These are some of the issues in which KPI’s team has played a key role or laid the groundwork.

2017 Legislative Session –

  1. School Choice – KPI was the leading voice in expanding educational opportunity to low income Kansas students by expanding a bill originally passed in 2014. All Kansas taxpayers with a state income tax liability will now be able to donate to a scholarship fund for low income students who also attend failing schools. These scholarship funds will allow children to attend a private school that better meets their needs. Previously, only large corporations were able to contribute. With students on waiting lists to take advantage of the existing program this expansion will allow more students the opportunity to achieve their educational dreams and provide a great tax advantage for contributors.1. School Choice – KPI was the leading voice in expanding educational opportunity to low income Kansas students by expanding a bill originally passed in 2014. All Kansas taxpayers with a state income tax liability will now be able to donate to a scholarship fund for low income students who also attend failing schools. These scholarship funds will allow children to attend a private school that better meets their needs. Previously, only large corporations were able to contribute. With students on waiting lists to take advantage of the existing program this expansion will allow more students the opportunity to achieve their educational dreams and provide a great tax advantage for contributors.
  2. Medicaid expansion prevented – KPI was part of a coalition that fought off another push to expand Medicaid; our research proved that expansion would cost Kansans over $13 billion in the first 10 years without necessarily improving outcomes. This research and our coalition efforts helped prevent Gov. Brownback’s veto from being overridden in the legislature. Thus, this aspect of ObamaCare has not yet come to Kansas.
  3. Voter Empowerment on Property Taxes – A serious effort was made in 2017 to undermine voter input on local property tax hikes; see below for the backstory. Local government wanted to go back to the days of hiding behind “flat” mill rates while property valuations skyrocketed. Local governments were defeated in their work to disregard voter input in the name of governmental inefficiency.
  4. Union giveaways – Multiple proposals were put forward in 2017 to reward unions, both public and private sector, for their defense of governmental and special interests at the expense of taxpayers. Tenure for public school teachers was made a prerogative of local districts rather than state mandated several years ago, with KPI’s help, and efforts to repeal this important change were beat back this year. The idea of paying a prevailing wage, thereby helping cost-inflated union projects and costing taxpayers more money, was introduced and defeated this year. An attempt to effectively eliminate Right to Work was also defeated.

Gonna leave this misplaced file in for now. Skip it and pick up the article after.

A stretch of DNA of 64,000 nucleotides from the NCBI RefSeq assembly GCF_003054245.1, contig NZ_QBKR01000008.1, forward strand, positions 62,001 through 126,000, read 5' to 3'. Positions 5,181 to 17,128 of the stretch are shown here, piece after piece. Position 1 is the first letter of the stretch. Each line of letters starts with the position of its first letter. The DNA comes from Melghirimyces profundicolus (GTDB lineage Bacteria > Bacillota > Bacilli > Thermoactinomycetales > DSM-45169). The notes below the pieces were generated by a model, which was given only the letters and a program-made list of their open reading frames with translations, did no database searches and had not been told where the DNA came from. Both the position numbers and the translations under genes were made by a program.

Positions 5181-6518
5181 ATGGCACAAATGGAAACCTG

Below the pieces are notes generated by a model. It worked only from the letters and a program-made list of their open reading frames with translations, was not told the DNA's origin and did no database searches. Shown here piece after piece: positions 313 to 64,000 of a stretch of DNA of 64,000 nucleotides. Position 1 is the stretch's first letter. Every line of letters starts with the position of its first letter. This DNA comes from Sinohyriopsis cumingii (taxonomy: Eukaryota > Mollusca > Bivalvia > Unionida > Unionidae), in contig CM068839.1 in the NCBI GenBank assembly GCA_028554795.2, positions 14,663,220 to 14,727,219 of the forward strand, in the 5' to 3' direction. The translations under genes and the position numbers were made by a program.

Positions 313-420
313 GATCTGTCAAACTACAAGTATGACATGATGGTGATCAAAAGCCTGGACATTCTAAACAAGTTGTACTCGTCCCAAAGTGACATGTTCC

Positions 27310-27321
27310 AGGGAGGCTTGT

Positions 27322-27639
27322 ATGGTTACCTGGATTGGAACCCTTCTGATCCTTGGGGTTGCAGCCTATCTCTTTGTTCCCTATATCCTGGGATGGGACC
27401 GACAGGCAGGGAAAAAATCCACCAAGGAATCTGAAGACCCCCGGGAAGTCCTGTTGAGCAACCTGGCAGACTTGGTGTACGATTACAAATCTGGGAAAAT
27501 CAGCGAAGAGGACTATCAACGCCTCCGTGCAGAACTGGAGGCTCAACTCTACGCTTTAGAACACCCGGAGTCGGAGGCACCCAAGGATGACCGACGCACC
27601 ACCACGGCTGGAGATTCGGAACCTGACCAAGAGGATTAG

5. Civil Asset Forfeiture – KPI worked with groups such as the ACLU to reform laws that allow law enforcement to confiscate private property without a criminal conviction. The bill is being reviewed by the state’s Judicial Council before the upcoming session while we have expanded our coalition to include the Federalist Society and legislators from across the political spectrum.
  6. Taxes on Taxes – That is not a typo. A serious proposal was put forth to mandate a surcharge on income tax should state tax collections come in under projections. While this proposal should have been laughed down upon introduction it received a full hearing but failed to gain traction.
  7. Mandating Fringe Benefits for Private Employers – Cities and counties wanted the right to set minimum fringe benefits and paid leave requirements for private sector employers, which would make non-union companies less competitive when bidding on government projects and cost taxpayers more money.  KPI and like-minded organizations prevented the proposal from getting out of committee.

Legislative Achievements, prior years in which KPI played a leading role